Laudner could never find meaningful offensive consistency during his career with the Twins, but he played the entirety of his nine-year career with the club and was part of the '87 team that won the club's first World Series championship in a seven-game victory over the Cardinals. Though Laudner posted a meager .225/.292/.391 line in his career, in that '87 World Series he went 7-for-22 (.318) with five walks, and he hit a homer and two-run single in the Twins' 8-4 win over St. Louis in Game 2. He made the only All-Star team of his career in 1988, when he hit .251/.316/.408 with 13 homers, one of four seasons in which he reached double digits in round-trippers. He lost his starting job to Harper in '89 and didn't appear in another Major League game beyond that season.
5) Butch Wynegar (1976-81, 1982)
Key fact: Youngest Twins player to appear in an All-Star Game (20 years, 121 days)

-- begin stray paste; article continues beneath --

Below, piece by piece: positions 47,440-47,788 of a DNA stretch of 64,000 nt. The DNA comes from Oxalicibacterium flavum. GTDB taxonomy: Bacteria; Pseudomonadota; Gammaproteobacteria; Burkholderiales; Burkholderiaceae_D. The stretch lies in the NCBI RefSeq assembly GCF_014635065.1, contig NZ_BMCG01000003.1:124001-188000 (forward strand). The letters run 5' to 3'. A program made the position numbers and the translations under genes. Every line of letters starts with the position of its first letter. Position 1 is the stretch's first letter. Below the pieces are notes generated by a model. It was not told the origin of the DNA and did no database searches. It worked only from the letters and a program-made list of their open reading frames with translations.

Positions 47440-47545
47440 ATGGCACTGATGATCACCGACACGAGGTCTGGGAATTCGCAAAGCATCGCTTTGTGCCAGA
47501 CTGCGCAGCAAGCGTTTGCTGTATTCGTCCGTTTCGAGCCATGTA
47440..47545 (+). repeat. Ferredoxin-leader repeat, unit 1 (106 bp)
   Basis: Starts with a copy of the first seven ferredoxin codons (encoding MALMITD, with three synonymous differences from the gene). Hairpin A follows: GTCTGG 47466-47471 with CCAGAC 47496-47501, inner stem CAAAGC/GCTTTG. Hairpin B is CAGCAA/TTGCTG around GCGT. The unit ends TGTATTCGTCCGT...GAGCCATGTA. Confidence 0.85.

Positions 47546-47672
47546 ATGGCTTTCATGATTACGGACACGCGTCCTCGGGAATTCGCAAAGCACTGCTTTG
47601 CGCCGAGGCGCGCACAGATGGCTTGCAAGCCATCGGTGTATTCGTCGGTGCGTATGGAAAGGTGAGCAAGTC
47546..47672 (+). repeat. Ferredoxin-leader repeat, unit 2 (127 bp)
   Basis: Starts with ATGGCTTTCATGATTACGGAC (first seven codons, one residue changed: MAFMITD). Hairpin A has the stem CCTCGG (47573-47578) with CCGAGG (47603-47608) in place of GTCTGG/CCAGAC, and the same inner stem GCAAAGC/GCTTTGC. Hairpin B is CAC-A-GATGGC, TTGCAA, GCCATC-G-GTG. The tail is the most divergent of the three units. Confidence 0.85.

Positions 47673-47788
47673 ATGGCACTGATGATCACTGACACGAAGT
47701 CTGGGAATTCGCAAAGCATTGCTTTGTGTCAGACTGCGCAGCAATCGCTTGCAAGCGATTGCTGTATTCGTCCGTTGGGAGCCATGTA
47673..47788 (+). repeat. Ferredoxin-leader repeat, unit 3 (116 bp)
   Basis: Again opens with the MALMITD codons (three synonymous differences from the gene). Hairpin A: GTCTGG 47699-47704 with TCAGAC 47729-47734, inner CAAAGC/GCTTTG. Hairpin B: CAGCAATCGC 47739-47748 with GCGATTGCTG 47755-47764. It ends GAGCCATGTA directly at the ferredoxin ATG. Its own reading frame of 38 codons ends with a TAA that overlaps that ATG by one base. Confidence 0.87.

In 1974, the Twins drafted Wynegar in the second round of the MLB Draft out of Red Lion High School in Pennsylvania. In 1975, he played a full season at Class A Reno. In 1976, he was invited to Spring Training and somehow broke camp on the Major League roster. At the age of 20 years and 26 days, he remains the 10th-youngest player to have debuted for the Twins. Wynegar acclimated to the Majors so well that he was named to the 1976 AL All-Star team and finished second in voting for the AL Rookie of the Year Award. According to FanGraphs' calculation of WAR, Wynegar holds two of the 12 best seasons for a catcher in Twins history, with his 4.2 fWAR year in 1979 trailing only Battey's '63 campaign and six individual Mauer seasons.
One or two more prolific power shows could push Mitch Garver onto this list after he set a new club record with 30 homers and a remarkable .660 slugging percentage as a catcher in 2019. ... A.J. Pierzynski carved out a solid start to his career with a .301/.341/.447 line in six seasons with the Twins, but he was traded to the Giants for Joe Nathan, Francisco Liriano and Boof Bonser before the 2004 season to clear room on the Major League roster for Mauer's imminent arrival. ... George Mitterwald hit double-digit homers in three of his seven seasons with Minnesota.
Do-Hyoung Park covers the Twins for MLB.com. Follow him on Twitter at @dohyoungpark and on Instagram at dohyoung.park.